Overview Of Diabetes


Diagnosis

The biochemical hallmark of diabetes is elevated blood glucose. Therefore, diagnosis of diabetes is made by estimation of glucose concentrations in the blood.

When the fasting plasma glucose is ≥ 126 mg/dl or random blood glucose ≥ 200 mg/dl on more than one occasion.1

Fasting Plasma Glucose:

Elevated fasting plasma glucose is always regarded to have a high degree of specificity for the diagnosis of diabetes. It is more consistent and reproducible than postprandial plasma glucose because there are more variable in the latter, such as timing and carbohydrate load. FPG may be easier to control with medications than PPG. An overnight fasting for 8 – 12 hours is considered desirable.

The ADA and WHO have recommended FPG value of ≥ 126 mg/dl as the diagnostic value for diabetes and the value of 110 – 125 mg/dl have been termed as impaired fasting glucose which is a prediabetic stage.1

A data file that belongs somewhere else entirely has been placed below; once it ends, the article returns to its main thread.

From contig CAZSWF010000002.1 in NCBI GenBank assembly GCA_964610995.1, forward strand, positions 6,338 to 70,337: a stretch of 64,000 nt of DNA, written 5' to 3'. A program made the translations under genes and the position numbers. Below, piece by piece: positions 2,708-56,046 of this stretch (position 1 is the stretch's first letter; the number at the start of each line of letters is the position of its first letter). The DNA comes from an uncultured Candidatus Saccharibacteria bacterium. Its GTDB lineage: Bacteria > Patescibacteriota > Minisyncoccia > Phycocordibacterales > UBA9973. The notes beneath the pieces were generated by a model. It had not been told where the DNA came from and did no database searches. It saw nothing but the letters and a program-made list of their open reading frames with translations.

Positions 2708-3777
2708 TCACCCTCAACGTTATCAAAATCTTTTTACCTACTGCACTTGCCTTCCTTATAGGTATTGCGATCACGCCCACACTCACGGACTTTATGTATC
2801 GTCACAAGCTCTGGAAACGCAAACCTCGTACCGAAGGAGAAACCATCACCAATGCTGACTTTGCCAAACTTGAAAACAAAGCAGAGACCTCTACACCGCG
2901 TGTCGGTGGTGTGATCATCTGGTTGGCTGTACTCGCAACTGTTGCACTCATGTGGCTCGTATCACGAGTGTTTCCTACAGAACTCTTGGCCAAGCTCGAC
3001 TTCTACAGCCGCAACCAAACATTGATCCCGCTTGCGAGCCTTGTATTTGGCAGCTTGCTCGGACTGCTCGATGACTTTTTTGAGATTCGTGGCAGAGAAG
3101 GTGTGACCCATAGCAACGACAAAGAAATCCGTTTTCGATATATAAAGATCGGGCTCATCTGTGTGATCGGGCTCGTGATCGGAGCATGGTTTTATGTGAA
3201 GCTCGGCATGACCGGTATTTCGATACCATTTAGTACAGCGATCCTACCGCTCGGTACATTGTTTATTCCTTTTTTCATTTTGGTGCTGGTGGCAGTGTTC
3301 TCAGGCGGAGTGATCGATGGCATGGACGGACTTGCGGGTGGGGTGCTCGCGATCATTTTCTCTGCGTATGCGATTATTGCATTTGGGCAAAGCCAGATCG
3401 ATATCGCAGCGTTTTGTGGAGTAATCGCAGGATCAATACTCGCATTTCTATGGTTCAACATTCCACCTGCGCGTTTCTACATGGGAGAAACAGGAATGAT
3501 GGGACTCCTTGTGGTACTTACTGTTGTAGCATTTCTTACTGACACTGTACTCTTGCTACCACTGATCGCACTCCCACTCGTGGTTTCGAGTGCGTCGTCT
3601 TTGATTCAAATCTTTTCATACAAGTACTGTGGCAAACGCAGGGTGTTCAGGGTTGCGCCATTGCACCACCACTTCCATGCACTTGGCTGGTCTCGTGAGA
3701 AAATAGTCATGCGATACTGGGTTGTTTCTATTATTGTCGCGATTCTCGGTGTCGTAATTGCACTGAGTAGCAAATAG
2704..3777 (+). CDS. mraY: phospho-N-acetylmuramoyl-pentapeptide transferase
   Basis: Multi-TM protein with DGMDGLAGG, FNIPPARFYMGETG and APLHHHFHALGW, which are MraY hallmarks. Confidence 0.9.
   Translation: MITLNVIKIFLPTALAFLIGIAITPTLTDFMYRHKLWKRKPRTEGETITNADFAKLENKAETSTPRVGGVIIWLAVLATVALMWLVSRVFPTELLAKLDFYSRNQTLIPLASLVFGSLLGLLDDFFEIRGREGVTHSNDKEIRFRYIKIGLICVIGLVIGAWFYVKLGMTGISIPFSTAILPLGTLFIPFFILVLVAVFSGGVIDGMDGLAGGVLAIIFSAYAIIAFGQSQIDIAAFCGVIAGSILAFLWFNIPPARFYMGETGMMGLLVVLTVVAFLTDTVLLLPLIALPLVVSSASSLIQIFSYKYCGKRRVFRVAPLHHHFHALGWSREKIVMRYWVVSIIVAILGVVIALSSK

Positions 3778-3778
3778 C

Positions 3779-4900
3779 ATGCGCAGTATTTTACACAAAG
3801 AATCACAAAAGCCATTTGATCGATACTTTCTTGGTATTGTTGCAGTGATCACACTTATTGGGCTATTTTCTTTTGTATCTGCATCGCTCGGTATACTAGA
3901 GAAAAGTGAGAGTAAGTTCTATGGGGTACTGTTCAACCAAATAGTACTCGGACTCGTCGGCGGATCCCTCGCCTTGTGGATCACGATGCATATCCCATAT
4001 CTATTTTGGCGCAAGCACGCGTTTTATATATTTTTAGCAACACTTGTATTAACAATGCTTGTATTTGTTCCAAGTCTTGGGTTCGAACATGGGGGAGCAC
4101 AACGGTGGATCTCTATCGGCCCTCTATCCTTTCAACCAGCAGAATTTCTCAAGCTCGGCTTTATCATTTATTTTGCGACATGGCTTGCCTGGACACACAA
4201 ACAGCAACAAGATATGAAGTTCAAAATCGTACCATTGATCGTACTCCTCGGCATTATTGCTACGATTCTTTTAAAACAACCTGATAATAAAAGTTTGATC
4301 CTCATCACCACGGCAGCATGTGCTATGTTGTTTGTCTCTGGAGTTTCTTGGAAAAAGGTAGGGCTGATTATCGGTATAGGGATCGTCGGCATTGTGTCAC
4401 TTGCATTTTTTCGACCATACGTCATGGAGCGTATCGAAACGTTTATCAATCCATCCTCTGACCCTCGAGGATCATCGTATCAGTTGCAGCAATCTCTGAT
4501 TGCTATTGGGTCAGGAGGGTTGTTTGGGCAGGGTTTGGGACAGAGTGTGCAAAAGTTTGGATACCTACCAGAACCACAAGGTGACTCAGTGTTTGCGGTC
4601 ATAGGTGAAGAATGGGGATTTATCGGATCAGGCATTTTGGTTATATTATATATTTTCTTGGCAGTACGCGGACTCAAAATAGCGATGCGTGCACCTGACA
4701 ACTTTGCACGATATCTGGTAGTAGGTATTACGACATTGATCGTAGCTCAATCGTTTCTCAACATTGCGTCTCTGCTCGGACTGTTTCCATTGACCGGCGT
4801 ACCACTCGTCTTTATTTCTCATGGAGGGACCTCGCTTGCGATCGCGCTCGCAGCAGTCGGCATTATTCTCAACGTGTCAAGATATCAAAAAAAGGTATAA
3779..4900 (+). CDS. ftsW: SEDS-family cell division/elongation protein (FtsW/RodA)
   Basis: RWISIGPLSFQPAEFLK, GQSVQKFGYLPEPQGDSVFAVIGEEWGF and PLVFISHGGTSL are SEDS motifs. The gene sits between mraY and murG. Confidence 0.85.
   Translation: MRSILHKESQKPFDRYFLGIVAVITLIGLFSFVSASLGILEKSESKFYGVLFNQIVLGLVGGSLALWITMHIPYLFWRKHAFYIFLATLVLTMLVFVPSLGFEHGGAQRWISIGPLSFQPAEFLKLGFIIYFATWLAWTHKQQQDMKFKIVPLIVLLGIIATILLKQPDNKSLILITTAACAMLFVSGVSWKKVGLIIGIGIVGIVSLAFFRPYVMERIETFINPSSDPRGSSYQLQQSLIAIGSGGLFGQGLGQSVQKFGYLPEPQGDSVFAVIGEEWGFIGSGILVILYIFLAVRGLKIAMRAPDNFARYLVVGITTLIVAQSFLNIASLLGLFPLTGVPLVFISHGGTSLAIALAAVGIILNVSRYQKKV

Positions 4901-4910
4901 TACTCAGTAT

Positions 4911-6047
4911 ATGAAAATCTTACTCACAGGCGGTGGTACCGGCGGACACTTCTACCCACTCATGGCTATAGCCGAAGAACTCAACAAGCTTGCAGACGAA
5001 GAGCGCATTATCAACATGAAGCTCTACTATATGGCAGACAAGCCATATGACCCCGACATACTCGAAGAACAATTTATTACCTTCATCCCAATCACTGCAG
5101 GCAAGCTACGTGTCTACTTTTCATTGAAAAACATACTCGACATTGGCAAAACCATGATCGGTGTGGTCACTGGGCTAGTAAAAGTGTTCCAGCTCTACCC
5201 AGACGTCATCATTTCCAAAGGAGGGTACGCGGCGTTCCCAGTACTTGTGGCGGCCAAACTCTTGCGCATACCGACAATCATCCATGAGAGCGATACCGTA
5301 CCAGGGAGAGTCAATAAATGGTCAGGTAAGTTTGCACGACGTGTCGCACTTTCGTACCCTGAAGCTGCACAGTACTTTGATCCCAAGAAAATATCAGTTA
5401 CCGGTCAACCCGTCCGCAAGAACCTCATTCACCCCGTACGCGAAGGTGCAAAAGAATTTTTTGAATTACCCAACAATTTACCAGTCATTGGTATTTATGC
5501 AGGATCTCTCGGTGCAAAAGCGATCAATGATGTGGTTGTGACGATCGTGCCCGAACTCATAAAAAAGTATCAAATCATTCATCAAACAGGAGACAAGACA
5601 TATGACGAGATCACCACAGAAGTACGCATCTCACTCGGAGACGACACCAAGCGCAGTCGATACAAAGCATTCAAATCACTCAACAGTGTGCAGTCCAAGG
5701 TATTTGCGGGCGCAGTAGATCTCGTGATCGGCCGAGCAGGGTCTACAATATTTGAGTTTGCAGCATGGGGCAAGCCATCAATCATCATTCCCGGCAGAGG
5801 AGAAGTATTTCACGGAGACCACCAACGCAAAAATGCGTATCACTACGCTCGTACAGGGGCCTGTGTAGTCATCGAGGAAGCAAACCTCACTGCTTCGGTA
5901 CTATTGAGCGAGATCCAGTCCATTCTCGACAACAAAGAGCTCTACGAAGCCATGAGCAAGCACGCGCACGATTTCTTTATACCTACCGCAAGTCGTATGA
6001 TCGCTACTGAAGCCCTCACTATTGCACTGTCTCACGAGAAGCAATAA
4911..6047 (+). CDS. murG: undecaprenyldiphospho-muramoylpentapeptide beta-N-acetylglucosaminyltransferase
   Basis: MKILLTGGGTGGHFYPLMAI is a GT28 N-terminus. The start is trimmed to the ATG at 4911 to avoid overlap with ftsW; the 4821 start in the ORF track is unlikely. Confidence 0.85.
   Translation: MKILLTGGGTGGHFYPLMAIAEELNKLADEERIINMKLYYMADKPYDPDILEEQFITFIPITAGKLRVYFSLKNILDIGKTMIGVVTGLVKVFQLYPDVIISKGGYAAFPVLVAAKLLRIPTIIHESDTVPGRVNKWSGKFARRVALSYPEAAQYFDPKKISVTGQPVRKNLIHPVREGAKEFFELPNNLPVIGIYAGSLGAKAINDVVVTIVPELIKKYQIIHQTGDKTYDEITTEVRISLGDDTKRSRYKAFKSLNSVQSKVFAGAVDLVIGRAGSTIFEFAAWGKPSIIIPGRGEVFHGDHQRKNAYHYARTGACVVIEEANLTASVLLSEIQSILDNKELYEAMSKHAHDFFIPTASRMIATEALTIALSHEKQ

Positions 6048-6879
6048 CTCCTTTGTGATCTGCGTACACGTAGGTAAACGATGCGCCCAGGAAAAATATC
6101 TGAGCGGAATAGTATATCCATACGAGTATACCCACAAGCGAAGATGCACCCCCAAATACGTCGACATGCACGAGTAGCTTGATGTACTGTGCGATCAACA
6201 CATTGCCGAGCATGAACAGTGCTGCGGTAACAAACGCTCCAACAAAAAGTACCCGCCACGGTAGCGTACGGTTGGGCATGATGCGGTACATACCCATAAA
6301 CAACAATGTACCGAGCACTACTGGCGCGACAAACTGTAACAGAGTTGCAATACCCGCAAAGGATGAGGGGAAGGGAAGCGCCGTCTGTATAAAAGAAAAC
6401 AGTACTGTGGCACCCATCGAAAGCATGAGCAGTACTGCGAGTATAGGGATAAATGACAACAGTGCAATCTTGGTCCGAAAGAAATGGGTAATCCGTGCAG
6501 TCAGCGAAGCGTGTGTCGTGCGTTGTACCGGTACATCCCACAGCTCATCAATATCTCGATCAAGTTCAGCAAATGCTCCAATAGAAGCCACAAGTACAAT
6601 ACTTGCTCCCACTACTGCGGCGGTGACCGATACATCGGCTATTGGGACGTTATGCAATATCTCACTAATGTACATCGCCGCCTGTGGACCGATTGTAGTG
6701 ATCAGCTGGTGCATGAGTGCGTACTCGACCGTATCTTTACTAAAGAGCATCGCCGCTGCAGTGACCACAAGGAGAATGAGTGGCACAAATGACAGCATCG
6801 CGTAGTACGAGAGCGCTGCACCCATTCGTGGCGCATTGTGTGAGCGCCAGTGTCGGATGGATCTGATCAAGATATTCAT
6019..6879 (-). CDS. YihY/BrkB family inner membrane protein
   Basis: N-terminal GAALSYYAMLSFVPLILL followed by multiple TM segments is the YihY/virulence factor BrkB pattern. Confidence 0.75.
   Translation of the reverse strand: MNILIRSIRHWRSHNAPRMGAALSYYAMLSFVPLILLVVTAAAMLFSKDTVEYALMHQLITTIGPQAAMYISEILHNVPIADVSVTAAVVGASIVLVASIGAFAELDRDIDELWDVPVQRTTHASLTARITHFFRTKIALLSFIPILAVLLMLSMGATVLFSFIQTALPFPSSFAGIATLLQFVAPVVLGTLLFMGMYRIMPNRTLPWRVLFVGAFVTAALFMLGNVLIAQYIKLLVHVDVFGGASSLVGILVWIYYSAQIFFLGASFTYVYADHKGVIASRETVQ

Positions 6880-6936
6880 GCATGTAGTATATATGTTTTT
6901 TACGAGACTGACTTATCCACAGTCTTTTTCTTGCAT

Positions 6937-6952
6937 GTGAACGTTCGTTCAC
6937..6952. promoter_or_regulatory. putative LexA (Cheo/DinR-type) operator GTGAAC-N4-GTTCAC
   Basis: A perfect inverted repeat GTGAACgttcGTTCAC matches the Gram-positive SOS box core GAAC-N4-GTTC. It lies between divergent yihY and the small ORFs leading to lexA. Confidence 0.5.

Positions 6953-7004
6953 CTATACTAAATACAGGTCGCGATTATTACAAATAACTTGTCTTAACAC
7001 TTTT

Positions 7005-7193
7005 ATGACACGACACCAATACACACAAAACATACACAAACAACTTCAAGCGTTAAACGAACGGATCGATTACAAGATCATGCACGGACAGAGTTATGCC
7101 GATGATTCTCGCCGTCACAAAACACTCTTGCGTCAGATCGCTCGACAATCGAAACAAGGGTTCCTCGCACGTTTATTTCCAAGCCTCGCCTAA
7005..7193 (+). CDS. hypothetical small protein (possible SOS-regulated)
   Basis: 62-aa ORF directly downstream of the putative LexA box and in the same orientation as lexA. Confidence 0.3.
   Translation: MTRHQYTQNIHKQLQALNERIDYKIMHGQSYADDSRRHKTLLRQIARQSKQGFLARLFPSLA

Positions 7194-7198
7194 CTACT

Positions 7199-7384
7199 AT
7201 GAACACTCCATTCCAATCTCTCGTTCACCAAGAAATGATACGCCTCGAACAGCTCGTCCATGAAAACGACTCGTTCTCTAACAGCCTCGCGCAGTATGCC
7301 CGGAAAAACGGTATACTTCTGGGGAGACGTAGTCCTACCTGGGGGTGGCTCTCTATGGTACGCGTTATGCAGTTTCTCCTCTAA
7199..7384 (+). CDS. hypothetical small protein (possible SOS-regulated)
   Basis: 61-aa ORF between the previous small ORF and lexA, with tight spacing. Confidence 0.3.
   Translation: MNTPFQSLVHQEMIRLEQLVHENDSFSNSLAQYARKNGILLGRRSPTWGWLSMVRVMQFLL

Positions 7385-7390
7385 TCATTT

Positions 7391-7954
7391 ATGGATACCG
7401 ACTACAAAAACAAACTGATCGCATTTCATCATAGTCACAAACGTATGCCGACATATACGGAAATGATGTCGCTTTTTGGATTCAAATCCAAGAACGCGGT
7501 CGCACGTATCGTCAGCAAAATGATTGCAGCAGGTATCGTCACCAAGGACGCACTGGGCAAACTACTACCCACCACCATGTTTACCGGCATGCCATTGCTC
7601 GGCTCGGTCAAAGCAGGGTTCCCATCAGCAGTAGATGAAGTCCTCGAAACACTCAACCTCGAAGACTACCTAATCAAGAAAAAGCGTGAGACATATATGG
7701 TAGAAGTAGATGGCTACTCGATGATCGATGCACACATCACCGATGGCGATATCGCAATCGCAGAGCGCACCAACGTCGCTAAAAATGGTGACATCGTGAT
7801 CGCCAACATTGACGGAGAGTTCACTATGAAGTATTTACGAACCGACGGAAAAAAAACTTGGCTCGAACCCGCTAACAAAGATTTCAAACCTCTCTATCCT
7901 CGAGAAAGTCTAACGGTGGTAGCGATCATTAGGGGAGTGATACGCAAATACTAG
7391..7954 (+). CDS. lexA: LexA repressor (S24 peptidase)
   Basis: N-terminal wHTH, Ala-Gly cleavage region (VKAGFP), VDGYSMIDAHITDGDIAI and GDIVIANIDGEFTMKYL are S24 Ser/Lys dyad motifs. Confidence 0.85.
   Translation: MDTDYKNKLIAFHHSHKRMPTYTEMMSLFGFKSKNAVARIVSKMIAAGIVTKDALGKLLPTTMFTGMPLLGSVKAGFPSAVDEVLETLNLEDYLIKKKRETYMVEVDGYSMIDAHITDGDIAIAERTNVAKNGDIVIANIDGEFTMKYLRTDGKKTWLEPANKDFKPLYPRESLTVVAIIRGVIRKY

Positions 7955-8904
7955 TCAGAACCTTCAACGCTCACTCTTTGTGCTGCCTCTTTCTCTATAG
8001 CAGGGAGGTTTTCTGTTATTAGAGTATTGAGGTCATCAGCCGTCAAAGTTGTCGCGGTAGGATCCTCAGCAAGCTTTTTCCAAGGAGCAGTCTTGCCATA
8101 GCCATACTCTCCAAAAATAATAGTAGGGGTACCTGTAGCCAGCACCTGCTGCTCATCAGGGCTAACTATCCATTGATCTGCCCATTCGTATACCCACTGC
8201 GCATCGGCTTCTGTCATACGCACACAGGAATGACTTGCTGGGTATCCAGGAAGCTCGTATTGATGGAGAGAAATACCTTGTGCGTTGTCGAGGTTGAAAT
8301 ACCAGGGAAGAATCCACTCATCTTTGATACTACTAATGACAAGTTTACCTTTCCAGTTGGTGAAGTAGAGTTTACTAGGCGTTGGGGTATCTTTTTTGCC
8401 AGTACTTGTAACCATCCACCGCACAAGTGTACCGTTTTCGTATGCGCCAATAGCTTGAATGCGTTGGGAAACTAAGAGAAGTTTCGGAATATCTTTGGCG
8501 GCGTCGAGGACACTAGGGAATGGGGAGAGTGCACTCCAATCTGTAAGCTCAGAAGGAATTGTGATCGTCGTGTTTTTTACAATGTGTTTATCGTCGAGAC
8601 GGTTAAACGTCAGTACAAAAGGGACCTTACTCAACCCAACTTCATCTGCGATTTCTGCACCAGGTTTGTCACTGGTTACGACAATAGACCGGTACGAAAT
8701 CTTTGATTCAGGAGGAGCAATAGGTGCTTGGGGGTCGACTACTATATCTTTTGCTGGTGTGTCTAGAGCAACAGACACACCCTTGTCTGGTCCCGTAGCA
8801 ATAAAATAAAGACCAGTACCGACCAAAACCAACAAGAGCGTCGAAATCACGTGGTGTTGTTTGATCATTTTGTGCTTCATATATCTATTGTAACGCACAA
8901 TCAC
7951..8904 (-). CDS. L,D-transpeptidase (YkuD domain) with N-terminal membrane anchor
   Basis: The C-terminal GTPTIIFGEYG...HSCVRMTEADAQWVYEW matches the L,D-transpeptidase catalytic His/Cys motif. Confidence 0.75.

Postprandial Blood Glucose:

The word postprandial means after a meal and hence it refers to plasma glucose concentration after food intake. The optimal time to measure postprandial glucose concentrations is 2 hr after the start of a meal. An elevated PPG concentration is one of the earliest abnormalities of type 2 diabetes, and represents an independent risk for cardiovascular disease. Postprandial changes precipitate atherosclerosis before FPG concentrations are affected. The recommended PPG goal of treatment is a value of <160mg/dl.

Oral Glucose Tolerance Test

It is recommended for diagnosis/exclusion for diabetes.

The Oral Glucose Tolerance Test (OGTT) is done in the morning after 8-10hrs of overnight fast (water may be taken). A fasting blood sample should be taken before giving glucose load. The person then drinks 75gm of glucose in 250-300 ml of water (the glucose load should be consumed over a period of five minutes). A further blood sample must be collected 2 hours after the load.

Diabetes is diagnosed if the fasting value is ≥ 126 mg/dl or 2 hour plasma glucose is ≥ 200mg/dl.1

Impaired Glucose Tolerance is present when the 2 hour value is in the range of ≥140 mg/dl - < 200 mg/dl.

Impaired Fasting Glucose is present when the fasting level is ≥ 110mg/dl and ≤ 125mg/dl and the 2 hour value is < 140mg/dl.

Glucose tolerance is normal when the fasting and the 2 hour values are < 110mg/dl and < 140mg/dl respectively.

Hemoglobin A1c (HBA1c)